Tuesday, June 28, 2016

Boot-Repair (other uses/ramblings)

Boot-Repair (other uses/ramblings)

I installed boot-repair on my new to my i5 ubuntu 16.04 LTS system so I could keep the generations of kernels installed limited (see my earlier but related post here: using boot-repair to keep installed kernels trimmed ). Tonight I had an epiphany (of sorts). I thought I should try this on my crouton chroot on my HP pavilion chromebook (butterfly) system and see what it produces in terms of system info that might prove useful. Besides this system has a fairly large but still limited amount of SSD storage after I expanded it to 128GB internal drive a while back. I've been running and upgrading the kernels on it for about three years so it definitely has built up a list of useless old kernel cruft that needs to be trimmed right?

Hmm, maybe not I found no grub entries for upgraded kernels on the crouton run boot-repair (Create Bootinfo Summary). Apparently and not surprisingly the chromeos does not use the grub bootloader to do it's magic. After browsing the crouton synaptic list of "kernel*" entries I was able to find and remove the accumulated cruft. Interestingly it does not include the actual kernels just the two header deb files are installed. I found and removed about ten of those guys in synaptic which seemed to work even though it barfed up what looked like a few errors in the console while it was removing the modules. Here is the launch dialog that was shown by synaptic:
I recovered about 340MB if the dialog above is to be believed. I did not do a before and after df so sadly I will never know the truth. Next time I upgrade the chroot I may do this exercise again and I will confirm savings via df during any such future exercise.  Even though I am a command line kind of guy and was disappointed not to be able to use the concise and easy way to remove the list of modules without dredging through miles of gui pages of kernel-* candidates in synaptic. I did not come up empty handed in this exercise...  I was pleasantly surprised with some other useful information that I was unaware of on my chromebook like how to change the chronos password for example. I am keeping copies of my Bootinfo Summary pages for both my machines on a thumb drive for future possible emergency use if my boot configurations melt down somehow.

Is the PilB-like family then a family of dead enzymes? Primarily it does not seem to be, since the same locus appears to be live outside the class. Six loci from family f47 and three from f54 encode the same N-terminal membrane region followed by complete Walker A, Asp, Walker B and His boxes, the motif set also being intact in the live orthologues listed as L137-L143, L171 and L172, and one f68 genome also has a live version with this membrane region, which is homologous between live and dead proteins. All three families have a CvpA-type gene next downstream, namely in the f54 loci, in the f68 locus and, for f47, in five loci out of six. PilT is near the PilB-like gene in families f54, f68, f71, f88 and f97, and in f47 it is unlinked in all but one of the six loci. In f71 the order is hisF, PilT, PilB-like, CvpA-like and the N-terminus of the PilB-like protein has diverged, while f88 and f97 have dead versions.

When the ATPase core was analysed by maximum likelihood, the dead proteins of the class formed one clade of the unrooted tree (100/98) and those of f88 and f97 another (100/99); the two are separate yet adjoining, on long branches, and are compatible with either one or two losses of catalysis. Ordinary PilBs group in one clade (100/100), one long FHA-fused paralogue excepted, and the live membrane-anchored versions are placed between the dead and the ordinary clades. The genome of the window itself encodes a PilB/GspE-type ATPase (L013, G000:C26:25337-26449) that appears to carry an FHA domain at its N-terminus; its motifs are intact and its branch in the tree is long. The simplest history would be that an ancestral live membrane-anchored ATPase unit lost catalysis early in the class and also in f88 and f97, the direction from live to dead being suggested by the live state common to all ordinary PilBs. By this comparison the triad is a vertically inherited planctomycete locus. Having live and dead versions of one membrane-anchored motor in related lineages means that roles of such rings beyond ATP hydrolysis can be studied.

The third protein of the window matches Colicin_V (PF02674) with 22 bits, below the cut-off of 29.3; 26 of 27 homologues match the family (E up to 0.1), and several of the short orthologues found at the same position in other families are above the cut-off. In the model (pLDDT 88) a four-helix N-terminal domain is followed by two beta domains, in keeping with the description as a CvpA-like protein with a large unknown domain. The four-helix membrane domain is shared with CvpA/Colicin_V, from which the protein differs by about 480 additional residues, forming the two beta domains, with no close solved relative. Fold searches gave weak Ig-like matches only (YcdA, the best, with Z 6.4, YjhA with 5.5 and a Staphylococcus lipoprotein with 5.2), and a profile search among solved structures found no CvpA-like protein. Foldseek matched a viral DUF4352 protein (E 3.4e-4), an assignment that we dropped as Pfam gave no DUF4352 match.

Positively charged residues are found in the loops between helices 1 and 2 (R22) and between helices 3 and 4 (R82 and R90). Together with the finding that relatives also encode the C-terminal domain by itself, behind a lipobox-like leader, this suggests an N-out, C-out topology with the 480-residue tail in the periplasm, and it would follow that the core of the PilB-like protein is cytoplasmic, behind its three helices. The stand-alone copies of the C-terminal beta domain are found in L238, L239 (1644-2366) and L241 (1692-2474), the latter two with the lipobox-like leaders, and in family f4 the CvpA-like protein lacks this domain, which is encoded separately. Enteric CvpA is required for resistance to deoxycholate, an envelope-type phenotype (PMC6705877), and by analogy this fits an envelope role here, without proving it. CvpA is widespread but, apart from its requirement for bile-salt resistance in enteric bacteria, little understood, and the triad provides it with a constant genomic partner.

In that earlier post I neglected to give a link to how to install the boot-repair facility. This link points to an official ubuntu how to page:
  • Note that I do NOT advocate actually using the boot-repair software's first button to actually attempt boot repair on a chromebook with or without crouton installed. It is great for linux computers but not sure what it might do to a chromebook boot configuration.

Okay I updated my chroot and it installed another set of headers: 105. So I ran the synaptic driven removal of the lowest one left installed last time and here are the results:
Here is the result of the df before and after....
# df -hm /usr
Filesystem                                          1M-blocks  Used Available Use% Mounted on
/mnt/stateful_partition/crouton/chroots/precise.pws    113999 66083     42119  62% /
# df -hm /usr
Filesystem                                          1M-blocks  Used Available Use% Mounted on
/mnt/stateful_partition/crouton/chroots/precise.pws    113999 65849     42353  61% /
I think any reasonable person will agree that you don't want to just ignore these as they continue to build up over time on a machine with limited storage. Also it is pretty obvious you can't trust the synaptic dialog to give you the actual picture can you? I look at all gui software with a pretty jaundiced eye because I have to work with such tools all the time while working on gui software systems and I find that the trustworthiness of gui software in general is, in a word, atrocious at best.

Post Postscript:
Just running the Boot-repair bootinfo summary page generation seems to have corrupted this file and I had to restore it from my other system to get the apt based stuff to work again: /etc/apt/apt.conf.d/99synaptic
So I recommend not doing this on a chromebook. If anybody is interested I may post the content of the bootinfo summary I generated.